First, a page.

Author: CMOS Bulletin SCMO

Arctic Regional Climate Centre Consensus Statement: TEMPERATURE

– By Gabrielle Gascon1, Katherine Wilson1, Marko Markovic1*, Adrienne Tivy1, Bill Appleby1, Vasily Smolyanitsky2, Valentina Khan3, Helge Tangen4, Eivind Stoylen4, Lene Ostvand4, Johanna Ekman5, Arun Kumar6 and Shanna Combley6

2019 Arctic Summer Seasonal Summary and 2019-2020 Arctic Winter Seasonal Outlook for Temperature

Arctic temperatures continue to warm at more than twice the global mean. Annual surface air temperatures over the last 4 years (2014-2018) in the Arctic have been the highest on record since 1900.

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Revitalization of UQAM Atmospheric Science Undergraduate Programme

– By René Laprise and Julie Mireille Theriault –

Department of Earth and Atmospheric Sciences, Université du Québec à Montréal (UQAM), laprise.rene@uqam.ca, theriault.julie@uqam.ca

The enrollments in Atmospheric Science (AS) programmes are rather low in Canadian universities, and the situation at UQAM is no exception. The low profitability of AS programmes threatens the long-term perspectives for training specialists in atmospheric-related fields.

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Message from the CMOS President: Communication, Partnership and Change

– By Kimberly Strong, CMOS President and Professor & Chair, Department of Physics, University of Toronto –

At this time of year, as we enjoy the beautiful fall colours and brace for winter, thoughts of CMOS members also turn to spring as we plan ahead for our annual Congress. The 54th CMOS Congress will be held in Ottawa from May 24 to 28, 2020 with a focus on “Building Societal Resilience to Changing Weather, Climate, Oceans and Environment”. The Local Arrangements Committee, chaired by Bruce Angle, and the Science Programme Committee, co-chaired by Leonard Barrie and Gordon McBean, are hard at work putting together an excellent programme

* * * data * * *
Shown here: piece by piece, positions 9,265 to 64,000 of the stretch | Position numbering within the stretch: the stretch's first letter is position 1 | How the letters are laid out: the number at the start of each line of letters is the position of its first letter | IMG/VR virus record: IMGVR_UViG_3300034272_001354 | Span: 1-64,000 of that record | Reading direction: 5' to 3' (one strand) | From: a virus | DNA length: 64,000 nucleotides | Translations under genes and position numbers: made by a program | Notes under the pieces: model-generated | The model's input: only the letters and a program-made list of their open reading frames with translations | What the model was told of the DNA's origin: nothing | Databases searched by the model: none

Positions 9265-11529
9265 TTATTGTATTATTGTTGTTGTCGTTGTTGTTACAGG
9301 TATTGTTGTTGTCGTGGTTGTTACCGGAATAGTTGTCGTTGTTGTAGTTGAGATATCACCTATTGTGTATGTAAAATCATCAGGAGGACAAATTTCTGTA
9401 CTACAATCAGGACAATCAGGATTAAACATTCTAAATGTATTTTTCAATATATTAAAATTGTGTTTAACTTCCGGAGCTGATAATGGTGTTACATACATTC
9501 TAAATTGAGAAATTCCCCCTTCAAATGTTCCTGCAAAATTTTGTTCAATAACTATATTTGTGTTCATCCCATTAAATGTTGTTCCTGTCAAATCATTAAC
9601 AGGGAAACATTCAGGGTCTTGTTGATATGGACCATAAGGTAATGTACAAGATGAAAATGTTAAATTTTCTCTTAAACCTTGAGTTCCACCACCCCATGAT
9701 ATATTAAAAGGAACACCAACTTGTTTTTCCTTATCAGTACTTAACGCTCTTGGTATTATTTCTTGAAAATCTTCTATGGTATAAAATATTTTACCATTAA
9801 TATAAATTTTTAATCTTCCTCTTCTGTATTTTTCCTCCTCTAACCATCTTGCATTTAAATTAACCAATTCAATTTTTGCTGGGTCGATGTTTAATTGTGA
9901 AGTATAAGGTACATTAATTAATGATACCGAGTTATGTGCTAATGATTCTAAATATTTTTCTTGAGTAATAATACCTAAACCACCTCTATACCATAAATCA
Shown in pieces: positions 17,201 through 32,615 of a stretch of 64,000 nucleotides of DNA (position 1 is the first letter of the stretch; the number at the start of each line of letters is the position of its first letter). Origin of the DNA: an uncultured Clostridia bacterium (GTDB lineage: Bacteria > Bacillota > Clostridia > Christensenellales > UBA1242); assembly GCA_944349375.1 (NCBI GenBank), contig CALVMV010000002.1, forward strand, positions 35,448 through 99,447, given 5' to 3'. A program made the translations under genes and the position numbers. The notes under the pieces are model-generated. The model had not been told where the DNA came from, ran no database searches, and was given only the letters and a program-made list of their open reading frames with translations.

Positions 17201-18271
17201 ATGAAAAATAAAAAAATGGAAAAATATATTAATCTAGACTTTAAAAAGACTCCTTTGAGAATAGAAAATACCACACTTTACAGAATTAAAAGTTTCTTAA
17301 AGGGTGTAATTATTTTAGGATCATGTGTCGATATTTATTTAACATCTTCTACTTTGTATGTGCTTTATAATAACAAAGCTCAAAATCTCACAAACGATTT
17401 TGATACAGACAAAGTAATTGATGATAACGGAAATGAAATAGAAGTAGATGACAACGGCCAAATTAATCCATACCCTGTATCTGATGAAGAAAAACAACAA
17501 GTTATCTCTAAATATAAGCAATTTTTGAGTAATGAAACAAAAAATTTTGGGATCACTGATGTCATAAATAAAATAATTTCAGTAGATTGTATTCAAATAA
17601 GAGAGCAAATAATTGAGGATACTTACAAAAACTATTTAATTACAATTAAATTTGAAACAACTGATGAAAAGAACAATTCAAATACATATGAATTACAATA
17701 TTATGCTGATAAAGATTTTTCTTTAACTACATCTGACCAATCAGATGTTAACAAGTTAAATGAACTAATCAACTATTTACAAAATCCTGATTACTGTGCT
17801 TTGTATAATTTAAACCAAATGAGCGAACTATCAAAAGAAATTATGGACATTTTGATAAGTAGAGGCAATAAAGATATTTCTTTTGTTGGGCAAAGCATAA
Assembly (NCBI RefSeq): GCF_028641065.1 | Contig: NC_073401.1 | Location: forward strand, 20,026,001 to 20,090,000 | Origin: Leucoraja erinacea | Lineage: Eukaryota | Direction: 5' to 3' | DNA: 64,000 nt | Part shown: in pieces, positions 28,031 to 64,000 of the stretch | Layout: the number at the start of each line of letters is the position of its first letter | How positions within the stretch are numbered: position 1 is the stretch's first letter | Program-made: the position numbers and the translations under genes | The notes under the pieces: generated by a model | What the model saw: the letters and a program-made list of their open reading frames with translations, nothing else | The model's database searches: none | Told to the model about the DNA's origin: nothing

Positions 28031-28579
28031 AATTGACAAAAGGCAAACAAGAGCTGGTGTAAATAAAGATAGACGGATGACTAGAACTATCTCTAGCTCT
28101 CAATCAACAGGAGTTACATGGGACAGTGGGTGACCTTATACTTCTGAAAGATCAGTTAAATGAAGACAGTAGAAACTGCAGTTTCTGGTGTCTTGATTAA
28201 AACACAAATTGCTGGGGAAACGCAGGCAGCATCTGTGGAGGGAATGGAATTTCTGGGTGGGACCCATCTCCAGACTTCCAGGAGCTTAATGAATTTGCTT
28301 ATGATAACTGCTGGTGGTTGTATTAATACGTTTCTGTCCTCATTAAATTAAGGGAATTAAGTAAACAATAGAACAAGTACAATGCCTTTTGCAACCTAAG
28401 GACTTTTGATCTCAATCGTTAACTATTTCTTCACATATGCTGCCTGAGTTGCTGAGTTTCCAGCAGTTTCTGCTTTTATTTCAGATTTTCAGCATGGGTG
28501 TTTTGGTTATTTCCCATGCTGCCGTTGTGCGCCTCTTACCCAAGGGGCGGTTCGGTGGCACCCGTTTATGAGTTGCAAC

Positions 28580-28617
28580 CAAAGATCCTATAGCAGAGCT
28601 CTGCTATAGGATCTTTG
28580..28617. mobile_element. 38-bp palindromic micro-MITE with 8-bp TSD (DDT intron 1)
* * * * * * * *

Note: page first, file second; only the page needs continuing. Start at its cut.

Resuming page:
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Radar Events Initiative

– By Phil Chadwick, Meteorologist and Eco-Artist –

Tenacity may be a good thing especially if it is well intentioned – the objective analysis of the weather services provided by Environment Canada. The following was written in 2004 to address some perceived deficiencies. The quality and quantity of radar were expanding and there were many imperative applications for that burgeoning information. The following were just a few of those and I had many more in the queue ready for implementation.

Now 15 years later I have not yet given up. A new generation of S-Band radars are being deployed across Canada offering much superior data that needs to be fully utilized as this 2004 research proposed.

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The Weather Machine: A Journey Inside The Forecast

– Review by Bob Jones, CMOS Archivist –

By Andrew Blum, Published by HarperCollins Publishers Ltd, hardcover, 224 pages, ISBN 978-1-4434-3859-9, $32.00 (CAD).

Quite by accident I stumbled upon this book in the express collection of the Ottawa Public Library. Seeing it was about weather forecasting, I could not resist it. After reading the short book, I am amazed it was not sent to the CMOS Office like so many other books offered for review in the Bulletin. The Weather Machine is at the core of what meteorologists past and present do, and should be a pre-requisite for any undergrad or grad course in meteorology.

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Comparison of wind forecasts and observations at Lake Saint-Charles, Quebec: Results from 2018

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Burning Souls

– Review by Frank Johnson, President, Ottawa Instrumentation Ltd –

By David Chernushenko, Published by Green & Gold Inc, paperback, 670 pages, ISBN 978-1-9991138-0-3 $30.00 (CAD).

Into the burgeoning field of climate change novels we receive Burning Souls, by former Ottawa City Councillor David Chernushenko. This book is different. Do not pick it up unless you’re prepared to stay up late finishing it.

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